Hickey is a deputy district attorney and focuses on gang violence prosecutions.

He’s worked as the assistant chief of the Gang Prosecution and Major Narcotics units, and has been the president of the San Diego County Deputy District Attorneys Association, which represents more than 300 attorneys.

Hickey also has civil law experience from private practice work 15 years ago.

He lives in Point Loma with his wife and their two children.

Who is supporting whom?

While Goldsmith did not make an endorsement in the race, both candidates have stacked up other support.

Elliott has endorsements from Democratic U.S. Sen. Barbara Boxer and California Attorney General Kamala Harris, as well as all of the Democratic congressional representatives from San Diego and all five of the Democrats on the San Diego City Council.

She was also endorsed by state assemblywomen Toni Atkins, Shirley Weber and

Lorena Gonzalez, and state Sen. Marty Block, all Democrats.

The San Diego City Firefighters union, Deputy City Attorneys Association of San Diego, Brady Campaign to Prevent Gun Violence, Planned Parenthood Action Fund and Sierra Club also support Elliott.

Hickey has endorsements from prominent Republicans, including Mayor Kevin Faulconer, Sheriff Bill Gore and District Attorney Bonnie Dumanis. Dumanis endorsed Hickey shortly after an ad from a political action committee attacked him for not having his boss's support.

He also has support from all four Republicans on the San Diego City Council, and Republican state Assemblyman Brian Maienschein.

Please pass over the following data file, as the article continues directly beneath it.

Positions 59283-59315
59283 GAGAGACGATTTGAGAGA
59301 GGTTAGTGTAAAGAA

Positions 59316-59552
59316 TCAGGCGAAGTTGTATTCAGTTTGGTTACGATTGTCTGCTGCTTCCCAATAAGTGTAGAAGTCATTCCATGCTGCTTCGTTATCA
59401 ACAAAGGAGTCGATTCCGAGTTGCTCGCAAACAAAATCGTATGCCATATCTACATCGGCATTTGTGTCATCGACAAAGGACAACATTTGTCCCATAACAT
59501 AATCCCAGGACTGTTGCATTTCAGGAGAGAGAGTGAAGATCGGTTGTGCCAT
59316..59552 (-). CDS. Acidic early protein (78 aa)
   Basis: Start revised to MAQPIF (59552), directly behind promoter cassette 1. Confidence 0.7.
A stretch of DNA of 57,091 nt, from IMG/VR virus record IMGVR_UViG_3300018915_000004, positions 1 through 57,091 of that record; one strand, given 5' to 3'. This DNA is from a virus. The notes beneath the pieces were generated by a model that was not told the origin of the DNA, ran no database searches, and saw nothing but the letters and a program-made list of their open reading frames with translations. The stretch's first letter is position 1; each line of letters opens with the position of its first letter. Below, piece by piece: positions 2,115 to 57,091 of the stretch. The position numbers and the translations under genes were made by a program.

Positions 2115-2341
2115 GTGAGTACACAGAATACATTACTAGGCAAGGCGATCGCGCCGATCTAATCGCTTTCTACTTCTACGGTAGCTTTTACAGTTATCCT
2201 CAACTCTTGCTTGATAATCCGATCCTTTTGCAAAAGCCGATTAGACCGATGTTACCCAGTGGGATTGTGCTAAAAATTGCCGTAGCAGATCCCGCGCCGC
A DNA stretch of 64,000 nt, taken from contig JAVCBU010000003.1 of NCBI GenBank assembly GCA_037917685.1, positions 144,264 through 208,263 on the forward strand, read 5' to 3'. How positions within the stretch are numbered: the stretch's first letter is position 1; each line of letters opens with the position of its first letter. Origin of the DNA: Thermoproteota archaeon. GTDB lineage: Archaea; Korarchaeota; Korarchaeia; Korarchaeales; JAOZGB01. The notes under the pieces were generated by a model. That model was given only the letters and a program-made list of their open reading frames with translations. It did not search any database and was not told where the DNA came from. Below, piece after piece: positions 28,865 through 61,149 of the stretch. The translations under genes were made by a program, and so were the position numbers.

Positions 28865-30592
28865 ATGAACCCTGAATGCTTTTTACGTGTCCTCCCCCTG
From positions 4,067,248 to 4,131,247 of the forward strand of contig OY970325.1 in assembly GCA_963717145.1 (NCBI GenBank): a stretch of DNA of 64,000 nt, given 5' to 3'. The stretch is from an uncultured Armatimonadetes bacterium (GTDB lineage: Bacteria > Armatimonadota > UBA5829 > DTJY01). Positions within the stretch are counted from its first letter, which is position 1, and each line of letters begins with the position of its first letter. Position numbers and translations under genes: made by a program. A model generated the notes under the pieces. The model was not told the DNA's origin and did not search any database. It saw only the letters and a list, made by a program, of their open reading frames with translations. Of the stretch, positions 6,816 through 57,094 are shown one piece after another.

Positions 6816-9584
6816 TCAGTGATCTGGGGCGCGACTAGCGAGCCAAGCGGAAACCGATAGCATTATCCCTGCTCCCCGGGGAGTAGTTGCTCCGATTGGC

The San Diego Police Officers Association, Deputy Sheriffs’ Association of San Diego County, San Diego Deputy District Attorneys Association and San Diego County Regional Chamber of Commerce also support him.

What are the issues?

In interviews with KPBS, neither of the candidates would name any issues that set them apart.

"It’s hard for me to say," Hickey said.

"I’m not very familiar with what his biggest issues are," Elliott said.

But they do stand apart on some things.

RELATED: San Diego City Attorney Candidates On The Issues

On police body camera footage, Elliott said it should be released immediately. Hickey said it should be released "at the appropriate time in the legal process." The decision ultimately resides with the district attorney.

On gun control, Elliot said she’d tighten the city’s laws on gun ownership. Hickey said he supports individual rights to carry weapons.

Elliott said the office needs to lead the city by studying changes to laws and that the city attorney should be out in front of the public.

"Sitting with the council at the dais, because people want to know who their city attorney is, and when you come for public comment you want to talk to the person who has the power in the office to make change," she said.

Hickey said he brings an outside perspective.

"Anyone who does business should have a better experience than they’ve had over, really, the last 16 years," he said. "They should decide if they want a fresh set of eyes — which I bring — to really do a reset of the City Attorney’s Office."